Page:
1. The following question has been referred in pursuance of the directions of this court :
'Whether, on the facts and in the circumstances of the case, the Appellate Tribunal was right in holding that the income derived by assessee from letting out of 'Vinayaka Lodge' should be assessed as business income but not income from property ?'
2. The assessee was carrying on business in groceries. He constructed a building between November, 1965, and September, 1967. The building consisted of 68 rooms, some of which had attached bath-rooms. The rooms were separately furnished and let out for varying durations. He employed a manager, a supervisor, scavengers, room boys and watchmen for the purpose of looking after the building and its amenities. He provided also the facility of telephone, electricity and water supply at his expense. He realised Rs. 15,545 and Rs. 39,331 as gross income from the tenants by, letting out the rooms in this property, which was known as 'Vinayaka Lodge'.
3. Before the ITO, the assessee claimed that this income should be assessed as 'business income'. The ITO rejected the claim and held that the income should be treated only as 'property income', and he, accordingly, determined the income at Rs. 10,631 and Rs. 27,617 respectively for the two years. On appeal the AAC also rejected the asessee's contention that the said income should be assessed under the head 'Business'. The Tribunal on further appeal, held that in view of the number of rooms, the lenght of time for which the inmates were occupying the building and amenities provided, like cot, table, chair, electricity, water supply, room service, etc., the activity of the assessee in running the lodge should be considered as 'business activity'. Arising out of the said order of the Tribunal, the question already set out, has been referred.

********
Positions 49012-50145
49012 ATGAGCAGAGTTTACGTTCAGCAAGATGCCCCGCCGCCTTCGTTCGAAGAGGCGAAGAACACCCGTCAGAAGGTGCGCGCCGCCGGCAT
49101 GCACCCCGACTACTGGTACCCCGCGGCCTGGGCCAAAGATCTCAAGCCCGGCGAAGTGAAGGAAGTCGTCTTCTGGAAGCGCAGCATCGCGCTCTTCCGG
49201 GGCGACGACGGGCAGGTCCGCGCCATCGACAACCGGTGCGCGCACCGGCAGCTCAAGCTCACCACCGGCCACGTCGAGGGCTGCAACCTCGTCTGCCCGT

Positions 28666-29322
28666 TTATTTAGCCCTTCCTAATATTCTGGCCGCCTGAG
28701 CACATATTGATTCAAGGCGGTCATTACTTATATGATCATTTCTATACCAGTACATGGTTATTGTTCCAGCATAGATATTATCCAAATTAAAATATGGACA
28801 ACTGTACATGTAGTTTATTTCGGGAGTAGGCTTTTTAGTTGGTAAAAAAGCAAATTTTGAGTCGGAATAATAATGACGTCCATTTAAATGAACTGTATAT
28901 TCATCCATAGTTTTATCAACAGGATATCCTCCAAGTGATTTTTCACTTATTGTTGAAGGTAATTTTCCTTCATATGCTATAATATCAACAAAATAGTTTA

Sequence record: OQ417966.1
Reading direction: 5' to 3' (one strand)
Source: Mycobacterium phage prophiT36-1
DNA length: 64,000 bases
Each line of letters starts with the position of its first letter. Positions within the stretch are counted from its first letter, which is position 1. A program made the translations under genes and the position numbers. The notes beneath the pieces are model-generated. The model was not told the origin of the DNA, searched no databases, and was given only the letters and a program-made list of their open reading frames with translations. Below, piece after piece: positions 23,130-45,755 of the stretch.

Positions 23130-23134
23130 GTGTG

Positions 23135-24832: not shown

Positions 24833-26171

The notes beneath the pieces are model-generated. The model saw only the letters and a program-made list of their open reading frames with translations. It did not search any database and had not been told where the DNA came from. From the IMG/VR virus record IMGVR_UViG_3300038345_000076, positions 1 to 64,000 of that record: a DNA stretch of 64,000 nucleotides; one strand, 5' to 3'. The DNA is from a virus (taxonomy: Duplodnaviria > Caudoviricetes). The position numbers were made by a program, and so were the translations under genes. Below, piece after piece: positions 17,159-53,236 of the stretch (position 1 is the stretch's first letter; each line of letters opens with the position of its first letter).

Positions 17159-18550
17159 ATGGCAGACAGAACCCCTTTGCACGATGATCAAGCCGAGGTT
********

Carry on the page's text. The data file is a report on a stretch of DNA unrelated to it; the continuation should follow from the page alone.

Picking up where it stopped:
4. The learned counsel the Commissioner contended that the assessee was only the owner of this property, that he has done what any owner would do in earning income from the property, which was surplus to his requirement, and that, in the circumstances, the income could not be assessed as business income. The learned counsel for the assessee drew our attention to the various features in this particular case, so as to emphasise that the assessee has pursued an activity which was of a commercial nature and that the income from the lodge was, therefore, rightly assessed as 'business income' as decided by the Tribunal.
5. A question like the one before us is, to a large extent, capable of decision only on the basis of the facts of each case. It is possible to have any axiomatic principle to find out whether in running a particular lodge, the assessee has been carrying on a business or merely letting out the property. In this particular case, the following features emphasise the commercial character of the activity of the assessee. The building was constructed with 68 rooms, so as to be let out individually and these room were let out to persons, who occupy them for various periods of time. There were no permanent tenants so to say, and the persons, who occupied the rooms, did not enjoy any tenancy rights as such. the occupation of the several persons, on the particular facts here, could be treated more as a licence than as a lease. Apart from providing ordinary amenities like water supply, electricity, etc., the assessee has provided cot, table, chair, attached bath-rooms, hot and cold water, room service and also telephone facility. All these features, in our opinion, satisfy the requirements of the lodging house being run on a commercial basis, rather than as the owner of a property. It is not necessary to refer to any decision as such, as the matter is decided with reference to the facts of this case. We, therefore, answer the question referred to us in the affirmative and in favour of the assessee. The assessee will be entitled to costs. Counsel's fee Rs. 500 (one set).